This came up in another non-spiritual forum. I was asked some questions about Yoga. This was the result.
You’re wise to focus on results rather than concepts. Too much of philosophy and religion is about concepts and beliefs and who’s right rather than how we’re actually living. The point is to support a better life.
I would suggest it’s not so much that we achieve understanding of the true nature of karma but rather that through transcendence/ samadhi, we detach our identification with our sense of personal “me” and experiences. This has the effect of us detaching from the flow of action (karma) and it’s fruits. And this allows karma to flow easily. Thus we cease resisting the process and creating new karma as an effect, and so forth. Understanding comes as a consequence also, but is not the source of the change.
Self Realization causes a key shift in our relationship with the me and it’s experiences and is thus key in this process.
It should be noted that the detachment I refer to is a stepping back into the observer or consciousness behind the experiences. It is not a mental detachment that some forms of mindfulness and such try to culture. Nor is it a disassociative state. Key to progress is an integration of body, emotions, and mind and not a division. Trying to avoid life is a denial and another form of resistance. This does not support untangling karma in the slightest.
Also, it is ego that seeks control. If the practice cultures control, it is misguided to me. However, if it cultures awareness and thus conscious choice in our response, then it is useful.
There is a section in the Bhagavad Gita where Krishna describes this process. At first, we have a doh moment after the fact – we realize we’ve done it again. Then, with progress, we begin to notice our response during the action. We begin to have some choice, some awareness. Then, we notice the response as it is first arising. At that point we have real choice – do we want to engage the circumstance reactively or not? Further still, we dissolve the samskaras or impressions that trigger the reaction in the first place. That’s when the karmic dynamic truly ends.
The paths are not so black and white as is often portrayed. Most people find it useful to blend aspects to suit their temperament. The path of knowledge is sometimes described as a monks path, for example, but its clear I like most am a householder. I use a blend. I can also note that different paths can be key at different stages of development. But that’s a larger subject. Yoga itself took the approach of “Raja” or royal and blended them.
Yes, bliss functions distinctly from emotions but may show up subjectively as pleasure, etc or be experienced with other emotions. Eckhart Tolle uses the example of seeing someone kicking a dog. Naturally, there is anger. But once established, this doesn’t disturb the bliss. They co-exist. And the anger is not resisted so it expresses and completes and is done. As the old Buddhist story of the monks crossing the river goes, he put the woman down on the other side. His companion did not.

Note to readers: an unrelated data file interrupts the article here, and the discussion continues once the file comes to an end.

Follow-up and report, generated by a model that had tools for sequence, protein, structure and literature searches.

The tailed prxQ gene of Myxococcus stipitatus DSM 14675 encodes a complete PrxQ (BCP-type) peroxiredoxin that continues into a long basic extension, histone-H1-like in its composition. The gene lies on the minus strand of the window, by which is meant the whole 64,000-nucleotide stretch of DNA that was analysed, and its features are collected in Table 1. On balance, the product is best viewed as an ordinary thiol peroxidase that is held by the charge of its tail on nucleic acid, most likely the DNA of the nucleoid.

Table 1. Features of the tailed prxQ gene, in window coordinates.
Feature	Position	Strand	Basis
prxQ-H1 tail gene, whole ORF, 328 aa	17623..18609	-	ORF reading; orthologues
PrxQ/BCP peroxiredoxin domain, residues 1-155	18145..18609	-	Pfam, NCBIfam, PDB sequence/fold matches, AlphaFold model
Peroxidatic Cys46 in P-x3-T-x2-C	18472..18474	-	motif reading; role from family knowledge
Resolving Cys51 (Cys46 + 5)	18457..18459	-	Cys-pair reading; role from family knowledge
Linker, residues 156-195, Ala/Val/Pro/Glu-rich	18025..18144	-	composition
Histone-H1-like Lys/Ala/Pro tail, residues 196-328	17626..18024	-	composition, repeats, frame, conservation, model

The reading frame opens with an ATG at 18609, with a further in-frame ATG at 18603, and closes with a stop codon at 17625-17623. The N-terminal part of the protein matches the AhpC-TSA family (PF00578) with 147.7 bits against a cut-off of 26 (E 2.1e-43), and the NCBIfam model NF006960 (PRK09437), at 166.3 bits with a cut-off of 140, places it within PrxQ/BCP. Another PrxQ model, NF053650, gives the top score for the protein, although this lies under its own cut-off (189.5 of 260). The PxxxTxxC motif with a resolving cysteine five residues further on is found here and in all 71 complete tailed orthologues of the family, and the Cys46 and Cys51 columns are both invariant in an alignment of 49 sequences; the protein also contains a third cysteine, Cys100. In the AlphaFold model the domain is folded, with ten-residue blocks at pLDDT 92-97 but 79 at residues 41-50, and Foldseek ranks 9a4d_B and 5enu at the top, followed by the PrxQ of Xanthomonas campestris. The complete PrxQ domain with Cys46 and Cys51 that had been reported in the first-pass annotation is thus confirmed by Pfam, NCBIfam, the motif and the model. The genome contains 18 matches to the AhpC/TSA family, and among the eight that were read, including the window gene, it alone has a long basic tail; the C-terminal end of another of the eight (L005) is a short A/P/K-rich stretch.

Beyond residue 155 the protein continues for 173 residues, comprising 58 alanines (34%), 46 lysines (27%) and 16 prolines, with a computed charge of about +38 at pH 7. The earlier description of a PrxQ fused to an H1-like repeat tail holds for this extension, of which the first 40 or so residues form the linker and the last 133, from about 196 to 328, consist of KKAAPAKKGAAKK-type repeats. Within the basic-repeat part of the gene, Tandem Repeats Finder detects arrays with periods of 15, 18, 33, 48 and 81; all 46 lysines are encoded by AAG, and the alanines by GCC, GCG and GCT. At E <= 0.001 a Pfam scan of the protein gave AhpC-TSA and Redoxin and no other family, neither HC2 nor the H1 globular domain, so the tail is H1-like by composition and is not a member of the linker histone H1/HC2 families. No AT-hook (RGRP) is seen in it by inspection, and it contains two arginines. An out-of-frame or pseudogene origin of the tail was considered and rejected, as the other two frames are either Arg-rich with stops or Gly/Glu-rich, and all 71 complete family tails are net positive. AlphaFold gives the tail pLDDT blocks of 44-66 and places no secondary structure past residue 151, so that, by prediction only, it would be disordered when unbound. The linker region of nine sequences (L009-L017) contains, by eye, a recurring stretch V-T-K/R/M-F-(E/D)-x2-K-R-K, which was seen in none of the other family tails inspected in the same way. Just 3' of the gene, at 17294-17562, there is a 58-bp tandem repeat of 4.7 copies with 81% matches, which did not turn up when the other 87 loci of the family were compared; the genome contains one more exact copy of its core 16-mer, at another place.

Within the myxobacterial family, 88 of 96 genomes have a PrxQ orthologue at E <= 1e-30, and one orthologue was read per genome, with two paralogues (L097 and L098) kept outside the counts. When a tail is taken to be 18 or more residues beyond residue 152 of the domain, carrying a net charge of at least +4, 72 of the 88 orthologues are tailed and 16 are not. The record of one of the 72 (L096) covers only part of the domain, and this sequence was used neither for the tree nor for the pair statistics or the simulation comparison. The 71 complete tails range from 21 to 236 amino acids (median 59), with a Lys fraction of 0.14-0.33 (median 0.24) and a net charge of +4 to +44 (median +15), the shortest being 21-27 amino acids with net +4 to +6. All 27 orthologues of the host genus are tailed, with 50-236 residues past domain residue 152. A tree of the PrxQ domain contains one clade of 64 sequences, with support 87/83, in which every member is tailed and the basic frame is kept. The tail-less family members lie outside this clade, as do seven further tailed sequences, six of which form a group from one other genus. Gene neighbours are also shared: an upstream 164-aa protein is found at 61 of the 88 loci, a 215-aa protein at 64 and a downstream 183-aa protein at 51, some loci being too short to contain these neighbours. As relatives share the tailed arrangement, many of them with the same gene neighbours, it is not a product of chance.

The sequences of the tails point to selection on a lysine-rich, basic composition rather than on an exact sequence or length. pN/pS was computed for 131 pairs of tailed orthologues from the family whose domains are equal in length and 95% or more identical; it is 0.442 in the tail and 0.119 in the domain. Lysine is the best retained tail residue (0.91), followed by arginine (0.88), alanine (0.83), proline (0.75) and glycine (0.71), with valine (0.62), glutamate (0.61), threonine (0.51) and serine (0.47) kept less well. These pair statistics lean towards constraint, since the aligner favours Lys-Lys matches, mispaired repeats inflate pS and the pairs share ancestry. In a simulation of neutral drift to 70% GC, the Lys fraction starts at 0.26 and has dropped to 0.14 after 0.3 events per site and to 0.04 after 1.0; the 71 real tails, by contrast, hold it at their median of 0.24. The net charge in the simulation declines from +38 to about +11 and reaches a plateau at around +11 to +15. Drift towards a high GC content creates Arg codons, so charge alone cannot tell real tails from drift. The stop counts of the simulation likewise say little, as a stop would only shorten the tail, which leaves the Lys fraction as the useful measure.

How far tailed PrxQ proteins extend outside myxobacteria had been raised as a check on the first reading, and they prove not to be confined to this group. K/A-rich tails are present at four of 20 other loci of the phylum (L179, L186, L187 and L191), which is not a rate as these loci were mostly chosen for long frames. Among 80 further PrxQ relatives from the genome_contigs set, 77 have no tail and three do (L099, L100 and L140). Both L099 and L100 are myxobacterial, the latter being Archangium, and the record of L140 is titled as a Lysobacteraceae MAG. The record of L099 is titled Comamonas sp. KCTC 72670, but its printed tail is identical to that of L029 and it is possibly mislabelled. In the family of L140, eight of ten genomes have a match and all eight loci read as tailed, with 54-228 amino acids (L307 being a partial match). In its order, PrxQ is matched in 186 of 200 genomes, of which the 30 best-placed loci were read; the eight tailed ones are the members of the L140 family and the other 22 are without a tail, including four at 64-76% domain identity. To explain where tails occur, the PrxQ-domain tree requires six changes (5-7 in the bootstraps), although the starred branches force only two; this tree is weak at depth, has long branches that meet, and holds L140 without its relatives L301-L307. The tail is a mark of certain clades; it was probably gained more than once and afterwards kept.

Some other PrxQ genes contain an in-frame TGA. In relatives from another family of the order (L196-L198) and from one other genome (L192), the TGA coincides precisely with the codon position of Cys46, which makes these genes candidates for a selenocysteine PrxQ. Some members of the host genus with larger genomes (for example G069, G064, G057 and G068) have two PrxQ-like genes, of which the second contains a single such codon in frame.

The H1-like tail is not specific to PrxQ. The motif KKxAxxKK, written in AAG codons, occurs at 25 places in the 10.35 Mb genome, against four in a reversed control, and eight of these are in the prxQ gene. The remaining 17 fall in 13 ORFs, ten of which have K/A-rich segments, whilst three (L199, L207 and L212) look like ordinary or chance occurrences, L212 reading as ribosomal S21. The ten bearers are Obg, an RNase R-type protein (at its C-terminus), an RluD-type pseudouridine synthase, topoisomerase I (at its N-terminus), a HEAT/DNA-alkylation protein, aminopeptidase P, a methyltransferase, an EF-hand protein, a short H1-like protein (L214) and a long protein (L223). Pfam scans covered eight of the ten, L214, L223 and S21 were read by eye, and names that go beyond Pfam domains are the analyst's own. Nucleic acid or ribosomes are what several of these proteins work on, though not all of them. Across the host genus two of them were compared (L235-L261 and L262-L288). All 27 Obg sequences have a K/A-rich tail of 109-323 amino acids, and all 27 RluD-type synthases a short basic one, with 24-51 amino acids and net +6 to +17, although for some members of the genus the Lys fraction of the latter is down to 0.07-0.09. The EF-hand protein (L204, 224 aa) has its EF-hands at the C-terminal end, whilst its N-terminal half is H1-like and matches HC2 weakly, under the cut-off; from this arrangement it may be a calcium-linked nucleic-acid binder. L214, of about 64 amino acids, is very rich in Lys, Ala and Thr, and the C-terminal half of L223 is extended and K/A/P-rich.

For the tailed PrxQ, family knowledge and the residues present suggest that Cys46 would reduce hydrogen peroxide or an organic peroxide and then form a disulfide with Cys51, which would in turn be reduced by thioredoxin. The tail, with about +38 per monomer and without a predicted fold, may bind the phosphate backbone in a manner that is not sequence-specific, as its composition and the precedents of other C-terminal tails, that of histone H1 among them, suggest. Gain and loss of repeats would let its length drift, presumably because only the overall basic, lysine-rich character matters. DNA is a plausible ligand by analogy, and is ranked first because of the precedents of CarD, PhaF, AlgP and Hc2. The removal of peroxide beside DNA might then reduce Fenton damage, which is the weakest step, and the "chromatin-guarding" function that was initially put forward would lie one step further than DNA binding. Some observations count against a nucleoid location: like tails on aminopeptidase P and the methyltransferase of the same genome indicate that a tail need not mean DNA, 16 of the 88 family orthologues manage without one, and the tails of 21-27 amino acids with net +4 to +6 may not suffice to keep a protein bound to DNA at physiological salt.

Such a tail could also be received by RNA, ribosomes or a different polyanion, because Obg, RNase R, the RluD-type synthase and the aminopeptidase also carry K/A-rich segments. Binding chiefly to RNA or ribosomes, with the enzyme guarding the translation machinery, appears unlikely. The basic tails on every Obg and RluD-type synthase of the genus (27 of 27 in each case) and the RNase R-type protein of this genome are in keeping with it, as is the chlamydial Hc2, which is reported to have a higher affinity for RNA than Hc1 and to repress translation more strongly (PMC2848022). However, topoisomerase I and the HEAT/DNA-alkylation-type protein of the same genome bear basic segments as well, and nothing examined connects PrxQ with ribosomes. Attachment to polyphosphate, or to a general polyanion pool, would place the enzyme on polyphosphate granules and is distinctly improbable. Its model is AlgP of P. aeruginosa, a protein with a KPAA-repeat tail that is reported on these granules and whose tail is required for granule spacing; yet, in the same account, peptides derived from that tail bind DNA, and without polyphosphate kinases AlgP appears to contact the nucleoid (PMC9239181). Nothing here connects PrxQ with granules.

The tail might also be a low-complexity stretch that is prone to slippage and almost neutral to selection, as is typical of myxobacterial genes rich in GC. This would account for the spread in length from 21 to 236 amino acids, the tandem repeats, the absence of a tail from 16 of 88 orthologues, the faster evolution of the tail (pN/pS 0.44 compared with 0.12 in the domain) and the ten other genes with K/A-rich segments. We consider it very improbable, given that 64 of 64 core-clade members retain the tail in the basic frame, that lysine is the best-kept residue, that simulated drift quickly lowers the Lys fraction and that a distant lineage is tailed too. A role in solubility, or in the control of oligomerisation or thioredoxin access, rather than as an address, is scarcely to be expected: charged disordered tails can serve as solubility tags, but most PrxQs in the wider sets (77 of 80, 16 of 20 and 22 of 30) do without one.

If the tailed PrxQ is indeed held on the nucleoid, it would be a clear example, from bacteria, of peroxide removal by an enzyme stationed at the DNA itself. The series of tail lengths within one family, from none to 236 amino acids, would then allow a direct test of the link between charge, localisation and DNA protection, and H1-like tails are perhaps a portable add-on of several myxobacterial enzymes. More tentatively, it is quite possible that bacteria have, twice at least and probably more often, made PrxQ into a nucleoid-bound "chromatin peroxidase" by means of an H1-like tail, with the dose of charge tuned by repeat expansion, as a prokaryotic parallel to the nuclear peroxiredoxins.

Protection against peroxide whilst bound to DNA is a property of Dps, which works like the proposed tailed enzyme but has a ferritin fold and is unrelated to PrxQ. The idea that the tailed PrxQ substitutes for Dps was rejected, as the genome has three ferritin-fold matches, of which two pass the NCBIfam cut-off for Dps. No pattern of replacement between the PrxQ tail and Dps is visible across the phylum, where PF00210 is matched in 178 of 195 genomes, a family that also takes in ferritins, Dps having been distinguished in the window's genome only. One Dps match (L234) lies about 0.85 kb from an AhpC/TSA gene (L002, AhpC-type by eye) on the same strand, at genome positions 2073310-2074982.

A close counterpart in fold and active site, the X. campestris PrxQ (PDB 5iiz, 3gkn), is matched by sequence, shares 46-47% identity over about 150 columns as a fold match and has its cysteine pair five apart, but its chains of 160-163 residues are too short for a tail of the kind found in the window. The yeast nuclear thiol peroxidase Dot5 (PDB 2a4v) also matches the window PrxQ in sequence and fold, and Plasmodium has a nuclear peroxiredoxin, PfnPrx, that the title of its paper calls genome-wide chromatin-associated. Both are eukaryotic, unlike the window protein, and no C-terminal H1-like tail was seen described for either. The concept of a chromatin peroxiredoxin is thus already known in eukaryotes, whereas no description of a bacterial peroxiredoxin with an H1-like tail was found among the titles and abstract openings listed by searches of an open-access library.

I would also suggest love is like this. There is love that is associated with pleasure and meeting needs. But there is a larger Love that simply flows and seeks a way to express through. It is unconditional. This arises prior to bliss and is often associated with forms of so-called religious experience. Rapturous experiences are often a blend of bliss and love.
Some practices have been quite heavily researched for many years, such as TM and mindfulness. The benefits are cumulative. But yes, there are other practices that try to culture special abilities and there are austerities people perform for this as well. But as in the karma discussion above, it rather depends on the motivation behind what we’re doing. If that’s driven by vasanas (unresolved desires), we’re just talking more karma again.
On the questions, there are those who are steeped in traditional study of the old texts that they feel explain the nature of the universe. But there is an old Vedic saying: knowledge in books remains in books. If it is not the direct experience, then it’s just concepts and beliefs of the mind. However, there are some seers and yogis who do have the direct experience. The question is then – how complete is the experience?
The Vedas are full of the recording of those direct experiences of various qualities. For example, the Srimad Bhagavatum is not as developed an understanding as the Yog Vasishtha. Yoga is more basic than Vedanta. But each can have their place.
The yogis described planets that were not discovered by physical means until the last century. And a lot has been lost in the long periods of time. But yes, subjective means can be less reliable than objective means. But I’ve found a great deal of value in the study of these various philosophies over the years. It has suited my path but it’s not for everybody.
Not sure which astronomical cycles you’re referring to but yes, there are some errors that crept into that. Yogananda’s master Yukteswar tried to correct some of that.
But yes, I agree. Follow what brings you a better quality of life.